Generics firms the ‘biggest cartel in US history’ – report

US authorities looking into price fixing in the generics industry are now investigating 16 companies and the price of at least 300 drugs, according to a press report.

The Washington Post reported that the generic companies involved used a form of shorthand to describe how they conducted business.

According to the article, officials from multiple US states say the practices were central to massive illegal price fixing schemes.

There are now several lawsuits surrounding the practices at a time when president Donald Trump is attempting to reduce drug prices in the US.

This is a particularly emotive issue given that many Americans pay all or some of the costs of their medications, depending on their insurance arrangements.

Insider lingo used by generics firm and cited by the Washington Post includes “sandbox”, referring to the market for generics, and “fair share” to describe dividing up sales to ensure each company reaped profits.

“Trashing the market” was used when a competitor ignored the unwritten rules and sold drugs for less than agreed-upon prices.

The Post reported that what began as an antitrust investigation into just two generic companies in 2016 has now expanded to at least 16 companies and 300 drugs.

It cited an interview with Joseph Nielsen, an assistant attorney and general antitrust investigator in Connecticut who has been a leading figure in the investigations.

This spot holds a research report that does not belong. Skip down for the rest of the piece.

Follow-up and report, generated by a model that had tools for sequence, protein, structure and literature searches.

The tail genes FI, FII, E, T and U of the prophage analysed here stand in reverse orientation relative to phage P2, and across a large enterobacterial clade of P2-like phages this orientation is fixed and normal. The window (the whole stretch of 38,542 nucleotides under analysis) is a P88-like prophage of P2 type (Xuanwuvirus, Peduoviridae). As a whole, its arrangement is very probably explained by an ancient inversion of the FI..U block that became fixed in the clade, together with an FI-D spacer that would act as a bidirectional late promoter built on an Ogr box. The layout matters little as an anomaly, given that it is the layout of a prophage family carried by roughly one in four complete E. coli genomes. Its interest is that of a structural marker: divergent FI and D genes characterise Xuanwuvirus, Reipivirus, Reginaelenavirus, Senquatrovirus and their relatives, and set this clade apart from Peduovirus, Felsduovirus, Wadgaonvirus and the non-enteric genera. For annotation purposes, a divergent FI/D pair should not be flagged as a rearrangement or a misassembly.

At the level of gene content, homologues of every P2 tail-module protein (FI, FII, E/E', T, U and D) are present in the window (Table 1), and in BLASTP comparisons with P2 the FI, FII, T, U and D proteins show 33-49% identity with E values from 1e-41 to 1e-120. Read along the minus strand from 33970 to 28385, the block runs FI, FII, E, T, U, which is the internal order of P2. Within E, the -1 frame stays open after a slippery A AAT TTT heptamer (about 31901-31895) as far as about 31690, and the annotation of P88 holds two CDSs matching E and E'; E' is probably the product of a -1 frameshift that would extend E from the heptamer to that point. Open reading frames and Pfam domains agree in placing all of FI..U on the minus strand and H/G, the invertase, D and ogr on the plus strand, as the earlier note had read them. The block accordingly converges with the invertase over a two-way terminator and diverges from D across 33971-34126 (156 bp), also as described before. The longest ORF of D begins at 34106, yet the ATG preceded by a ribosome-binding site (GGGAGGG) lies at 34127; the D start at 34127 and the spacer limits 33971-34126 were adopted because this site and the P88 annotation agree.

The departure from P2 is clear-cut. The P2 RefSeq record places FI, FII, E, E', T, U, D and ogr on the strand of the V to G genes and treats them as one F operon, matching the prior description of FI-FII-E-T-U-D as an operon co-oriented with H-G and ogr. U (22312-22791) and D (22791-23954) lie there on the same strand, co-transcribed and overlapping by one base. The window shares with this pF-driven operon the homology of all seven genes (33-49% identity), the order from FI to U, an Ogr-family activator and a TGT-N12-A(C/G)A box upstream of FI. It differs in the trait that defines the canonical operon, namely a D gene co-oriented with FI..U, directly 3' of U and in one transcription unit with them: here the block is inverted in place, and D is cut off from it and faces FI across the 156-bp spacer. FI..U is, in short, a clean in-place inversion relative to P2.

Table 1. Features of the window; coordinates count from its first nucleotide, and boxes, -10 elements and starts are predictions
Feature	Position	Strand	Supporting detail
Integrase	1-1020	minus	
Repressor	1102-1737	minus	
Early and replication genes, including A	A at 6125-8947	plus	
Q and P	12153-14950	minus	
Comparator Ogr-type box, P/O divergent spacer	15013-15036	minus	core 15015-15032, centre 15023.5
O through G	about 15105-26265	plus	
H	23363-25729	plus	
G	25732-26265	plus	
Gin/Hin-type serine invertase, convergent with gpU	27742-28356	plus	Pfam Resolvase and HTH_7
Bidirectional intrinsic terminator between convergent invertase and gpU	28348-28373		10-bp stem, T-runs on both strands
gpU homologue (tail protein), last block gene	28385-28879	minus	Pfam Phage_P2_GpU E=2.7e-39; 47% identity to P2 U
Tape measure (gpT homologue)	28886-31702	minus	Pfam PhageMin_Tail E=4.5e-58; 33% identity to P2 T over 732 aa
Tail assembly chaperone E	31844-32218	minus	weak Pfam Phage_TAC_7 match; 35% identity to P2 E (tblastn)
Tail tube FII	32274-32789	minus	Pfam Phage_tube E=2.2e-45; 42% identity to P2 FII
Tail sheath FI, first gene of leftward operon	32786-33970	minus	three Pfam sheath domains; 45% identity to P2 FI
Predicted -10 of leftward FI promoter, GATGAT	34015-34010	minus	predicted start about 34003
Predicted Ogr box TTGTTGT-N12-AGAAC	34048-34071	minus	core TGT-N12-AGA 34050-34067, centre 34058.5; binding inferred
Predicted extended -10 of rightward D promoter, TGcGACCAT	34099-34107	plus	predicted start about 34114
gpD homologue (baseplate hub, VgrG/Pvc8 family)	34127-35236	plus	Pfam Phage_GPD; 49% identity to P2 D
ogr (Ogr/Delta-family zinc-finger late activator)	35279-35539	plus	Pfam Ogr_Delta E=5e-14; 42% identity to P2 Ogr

In the interview, he said: “This is most likely the largest cartel in the history of the United States.”

Precise estimates of the alleged overcharges have not been released, but with sales of around $104 billion in 2017, price hikes could have cost US consumers and the healthcare system billions of dollars.

Among the 16 companies implicated are some of the biggest names in generics – Mylan, Teva and Dr Reddy’s. The Washington Post said the companies had all denied the allegations.

A spokesperson for Teva said: “Teva denies the allegations in this litigation and will continue to vigorously defend itself.  Teva delivers high-quality medicines to patients around the world, and is committed to complying with all applicable competition laws and regulations in doing so.

“Teva fosters a culture of compliance with these laws and regulations, and is dedicated to conducting business with integrity and fairness.”

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